What’s on the Menu at School Today? How About Some Gourmet Crepes


The spicy-sweet aroma of fresh tomatoes stewing in herbs wafted through the maze of hallways on the third floor of Frankford High School.

At the source of this enticing smell — the culinary arts classroom — 26 students crowded forward to get a closer look at visiting chef Michael Katz's chopping technique.

Normally, Katz would be in Jerusalem, overseeing a group of three gourmet restaurants. But last week, thanks to Israel's Foreign Ministry, he flew here to host a series of educational cooking programs.

Some, like a demonstration at Temple Beth Sholom in Cherry Hill, N.J., and a Chanukah dinner prepared along with top-rated Philadelphia chef Michael Solomonov, catered to Jewish foodies. But his consulate guides also booked him at places like Frankford and Kensington high schools, where Israeli cuisine was more of a distinct novelty.

The goal was to show that Israel is so much more than its conflict with the Palestinians, said Deborah Baer Mozes, director of cultural affairs for the Consulate General of Israel here.

"I get to show the other side of Israel — or the real side of Israel, as far as I'm concerned," she said.

Philadelphia's also a restaurant town, she added, "so what better place to bring a master chef?"

Frankford was included in the tour because of its reputation for the culinary arts, said Baer Mozes. The program garnered national attention after the 2009 documentary "Pressure Cooker," showed how teacher Wilma Stephenson used tough love to push her students to win a stunning number of college scholarships, year after year. Impressed by those achievements, Food Network star Rachael Ray surprised the school this spring with a makeover for its classroom kitchen and featured Stephenson's students on her television show.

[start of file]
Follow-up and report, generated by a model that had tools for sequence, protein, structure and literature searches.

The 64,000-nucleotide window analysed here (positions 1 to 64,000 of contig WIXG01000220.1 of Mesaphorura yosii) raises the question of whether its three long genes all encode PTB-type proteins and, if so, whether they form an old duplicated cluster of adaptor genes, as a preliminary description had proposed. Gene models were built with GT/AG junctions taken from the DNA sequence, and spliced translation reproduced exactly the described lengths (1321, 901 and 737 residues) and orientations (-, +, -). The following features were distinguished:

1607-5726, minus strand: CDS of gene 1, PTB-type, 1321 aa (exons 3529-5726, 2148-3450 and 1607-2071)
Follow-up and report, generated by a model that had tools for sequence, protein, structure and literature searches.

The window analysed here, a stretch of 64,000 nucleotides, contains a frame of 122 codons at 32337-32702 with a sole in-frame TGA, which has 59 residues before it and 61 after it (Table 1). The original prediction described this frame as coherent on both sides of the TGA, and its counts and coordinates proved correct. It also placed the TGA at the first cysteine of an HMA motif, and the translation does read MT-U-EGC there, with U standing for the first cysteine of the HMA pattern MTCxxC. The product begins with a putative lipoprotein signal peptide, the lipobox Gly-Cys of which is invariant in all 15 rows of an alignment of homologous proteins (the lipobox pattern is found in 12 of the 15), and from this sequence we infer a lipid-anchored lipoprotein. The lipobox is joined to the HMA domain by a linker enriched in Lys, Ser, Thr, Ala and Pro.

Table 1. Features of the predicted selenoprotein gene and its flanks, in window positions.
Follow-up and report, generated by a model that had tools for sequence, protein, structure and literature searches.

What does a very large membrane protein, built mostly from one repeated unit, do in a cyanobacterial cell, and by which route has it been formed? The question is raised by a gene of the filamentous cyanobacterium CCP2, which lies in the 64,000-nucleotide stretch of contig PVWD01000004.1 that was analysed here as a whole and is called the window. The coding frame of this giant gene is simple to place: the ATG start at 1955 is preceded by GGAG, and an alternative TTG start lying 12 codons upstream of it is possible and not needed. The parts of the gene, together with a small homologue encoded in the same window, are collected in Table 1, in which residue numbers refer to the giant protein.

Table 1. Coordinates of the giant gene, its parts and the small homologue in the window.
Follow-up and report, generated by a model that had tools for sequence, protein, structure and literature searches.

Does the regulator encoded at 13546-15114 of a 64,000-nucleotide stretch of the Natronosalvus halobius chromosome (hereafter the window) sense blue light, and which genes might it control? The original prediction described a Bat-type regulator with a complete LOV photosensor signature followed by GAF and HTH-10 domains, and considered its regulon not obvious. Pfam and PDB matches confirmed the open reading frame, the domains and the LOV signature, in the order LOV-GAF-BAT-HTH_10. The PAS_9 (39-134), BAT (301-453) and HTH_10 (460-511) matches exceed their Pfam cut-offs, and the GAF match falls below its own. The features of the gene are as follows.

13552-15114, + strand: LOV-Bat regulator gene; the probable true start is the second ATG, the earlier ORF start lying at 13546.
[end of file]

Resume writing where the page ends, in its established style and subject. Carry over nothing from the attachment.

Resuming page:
On Dec. 2, all eyes were on Katz as the master chef introduced himself. Few of them had heard of the renowned Le Cordon Bleu in London, where Katz had taught, or the top American restaurants he referenced. Others didn't understand the prestige he carried from working in two- and three-star Michelin-rated restaurants.

But they all seemed to recognize that Katz knew what he was talking about. They leaned forward, watching quietly for more than three hours as Katz led them through the preparation of a chicken dish accompanied by a cucumber salad and ice-cream-filled crepe.

"Start with the things that might go wrong," Katz said, pouring milk for crepe dough into a measuring cup.

"Why?" he quizzed the crowd.

"If it doesn't work, you can make another one," a student in the front piped up.

Katz nodded, smiling.

"There's no stress in the kitchen, there's challenges," he said. "Once you take out the word stress, it's easy."

He demonstrated how to chop herbs, four ways to slice a cucumber and tricks to plate a classic French chicken dish so that it looks like a restaurant entree.

"Nice!" one girl exclaimed as Katz drizzled the tomato sauce around chicken slices delicately fanned over a yogurt salad.

The nonkosher menu was devoid of references to Jewish or Israeli cuisine. Katz said he purposefully modified the demonstration to show the students skills they would have to perform later this year at their high-stakes cooking competition.

After hours of waiting, the students wasted no time sampling the finished products.

Latifah Dollard, 16, stared off into the distance as she slowly chewed a bite of chicken. She'd never tasted flavors like that before, she said.

"It's sweet and it's juicy and then it's salty," said Dollard, a sophomore.

Stephenson said it was one of the best demonstrations she's hosted in 12 years of teaching culinary arts. Just the fact that Katz would come here, she said, was "mind-boggling."

Katz rounded out his week with a lecture on Israeli cooking at the University of Pennsylvania Hillel, the Chanukah dinner at Solomonov's restaurant Zahav and a hands-on class with chefs-in-training at the Restaurant School at Walnut Hill College.

Katz said he was glad to be able to use food to connect with people from diverse backgrounds.

"They always hear about Israel as guns and wars and conflict," he said. "Even if they don't remember the exact connection with Israel, they remember something good from Israel."


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